Etymology
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wayside (n.)
"the side of the road," c. 1400, from way (n.) + side (n.). To fall by the wayside is from Luke viii.5.
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footpad (n.)

"highwayman who robs on foot," 1680s, from foot (n.) + pad "pathway, footpath" (1670s), from Middle Dutch pad "way, path," from Proto-Germanic *patha- "way, path" (see pad (v.1), and compare path). Pad was a cant word among thieves and vagabonds, in expressions such as stand pad "stand by the wayside begging." Especially "one of a large class, existing in Europe when police authority was still in an ineffective condition, who made a business of robbing people passing on horseback or in carriages" [Century Dictionary]. 

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disinterested (adj.)

1610s, "unconcerned" (the sense that now would go with uninterested), from dis- "opposite of" + interested. The sense of "impartial" originally was in disinteressed (c. 1600), from Old French desinteresse, and subsequently passed to uninterested. The modern sense of disinterested, "impartial, free from self-interest or personal bias, acting from unselfish motives," is attested by 1650s.

By late 18c. the words had sorted themselves out, and as things now stand, disinterested means "impartial," uninterested means "caring nothing for the matter in question," and disinteressed has fallen by the wayside. Related: Disinterestedly; disinterestedness.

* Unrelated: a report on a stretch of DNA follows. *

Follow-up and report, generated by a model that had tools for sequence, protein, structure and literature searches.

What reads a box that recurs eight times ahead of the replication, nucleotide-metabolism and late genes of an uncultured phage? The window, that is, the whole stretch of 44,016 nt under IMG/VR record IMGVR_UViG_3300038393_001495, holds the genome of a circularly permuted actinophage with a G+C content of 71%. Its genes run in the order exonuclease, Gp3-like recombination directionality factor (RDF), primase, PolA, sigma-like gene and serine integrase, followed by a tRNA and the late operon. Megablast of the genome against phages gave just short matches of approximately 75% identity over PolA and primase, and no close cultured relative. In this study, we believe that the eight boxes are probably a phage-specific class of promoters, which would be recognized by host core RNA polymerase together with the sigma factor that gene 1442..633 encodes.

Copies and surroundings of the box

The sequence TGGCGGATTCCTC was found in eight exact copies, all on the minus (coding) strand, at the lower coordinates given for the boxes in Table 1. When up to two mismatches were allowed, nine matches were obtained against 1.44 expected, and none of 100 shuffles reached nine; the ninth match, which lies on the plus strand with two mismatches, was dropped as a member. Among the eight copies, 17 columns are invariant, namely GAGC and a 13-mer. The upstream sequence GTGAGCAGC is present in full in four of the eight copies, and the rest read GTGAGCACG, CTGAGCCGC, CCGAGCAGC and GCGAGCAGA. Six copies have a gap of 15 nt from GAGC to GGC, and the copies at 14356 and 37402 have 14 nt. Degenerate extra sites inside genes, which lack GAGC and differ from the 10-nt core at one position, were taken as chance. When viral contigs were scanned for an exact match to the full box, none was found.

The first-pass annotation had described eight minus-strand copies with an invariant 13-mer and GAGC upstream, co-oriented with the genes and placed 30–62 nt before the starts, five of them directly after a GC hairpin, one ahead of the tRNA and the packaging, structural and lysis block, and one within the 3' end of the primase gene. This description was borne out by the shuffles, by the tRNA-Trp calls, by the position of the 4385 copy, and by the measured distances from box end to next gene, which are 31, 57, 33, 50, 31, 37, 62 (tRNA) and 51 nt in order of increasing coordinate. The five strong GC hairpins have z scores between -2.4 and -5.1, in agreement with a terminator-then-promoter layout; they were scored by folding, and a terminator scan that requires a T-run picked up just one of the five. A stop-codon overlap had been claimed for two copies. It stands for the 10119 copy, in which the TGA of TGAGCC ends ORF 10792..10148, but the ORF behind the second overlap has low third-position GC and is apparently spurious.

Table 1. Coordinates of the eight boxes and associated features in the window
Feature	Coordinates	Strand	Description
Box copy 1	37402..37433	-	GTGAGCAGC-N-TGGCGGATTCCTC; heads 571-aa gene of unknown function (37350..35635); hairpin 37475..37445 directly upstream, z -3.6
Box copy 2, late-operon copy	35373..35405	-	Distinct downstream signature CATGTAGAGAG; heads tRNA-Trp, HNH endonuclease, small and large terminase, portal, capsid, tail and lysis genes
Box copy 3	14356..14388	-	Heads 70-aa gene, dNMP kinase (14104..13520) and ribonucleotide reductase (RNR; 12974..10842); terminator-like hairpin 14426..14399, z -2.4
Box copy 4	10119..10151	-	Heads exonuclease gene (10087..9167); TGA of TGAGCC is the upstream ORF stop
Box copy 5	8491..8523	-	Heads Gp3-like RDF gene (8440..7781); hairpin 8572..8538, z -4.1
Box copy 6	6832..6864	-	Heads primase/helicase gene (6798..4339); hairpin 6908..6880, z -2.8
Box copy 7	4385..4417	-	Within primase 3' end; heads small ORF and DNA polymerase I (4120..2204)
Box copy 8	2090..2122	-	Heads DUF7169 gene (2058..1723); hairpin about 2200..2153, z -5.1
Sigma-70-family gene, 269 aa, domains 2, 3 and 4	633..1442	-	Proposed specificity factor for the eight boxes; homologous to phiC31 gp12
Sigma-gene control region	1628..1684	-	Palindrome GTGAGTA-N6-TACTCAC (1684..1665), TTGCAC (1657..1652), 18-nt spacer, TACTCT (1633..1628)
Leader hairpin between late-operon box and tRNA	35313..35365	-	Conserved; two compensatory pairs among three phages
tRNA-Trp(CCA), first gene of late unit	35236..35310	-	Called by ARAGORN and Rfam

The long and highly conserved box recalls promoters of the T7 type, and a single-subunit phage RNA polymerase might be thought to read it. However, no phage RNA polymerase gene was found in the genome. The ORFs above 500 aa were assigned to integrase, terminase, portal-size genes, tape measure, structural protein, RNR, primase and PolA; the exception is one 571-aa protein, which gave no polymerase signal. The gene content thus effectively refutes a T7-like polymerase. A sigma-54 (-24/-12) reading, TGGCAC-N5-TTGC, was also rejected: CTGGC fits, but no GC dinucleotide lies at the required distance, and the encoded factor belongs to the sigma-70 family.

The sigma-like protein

Disinterested and uninterested are sometimes confounded in speech, though rarely in writing. A disinterested person takes part in or concerns himself about the affairs of others without regard to self interest, or to any personal benefit to be gained by his action; an uninterested one takes no interest in or is indifferent to the matter under consideration .... [Century Dictionary]
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ship (n.)

Old English scip "ship, boat," from Proto-Germanic *skipa- (source also of Old Norse, Old Saxon, Old Frisian, Gothic skip, Danish skib, Swedish skepp, Middle Dutch scip, Dutch schip, Old High German skif, German Schiff), "Germanic noun of obscure origin" [Watkins]. Others suggest perhaps originally "tree cut out or hollowed out," and derive it from PIE root *skei- "to cut, split" (see schizo-).

Now a vessel of considerable size, adapted to navigation; the Old English word was used for small craft as well, and definitions changed over time; in 19c., distinct from a boat in having a bowsprit and three masts, each with a lower, top, and topgallant mast. French esquif, Italian schifo are Germanic loan-words.

Phrase ships that pass in the night is from Longfellow's poem "Elizabeth" in "Tales of a Wayside Inn" (1863). Figurative use of nautical runs a tight ship (i.e., one that does not leak) is attested from 1965.

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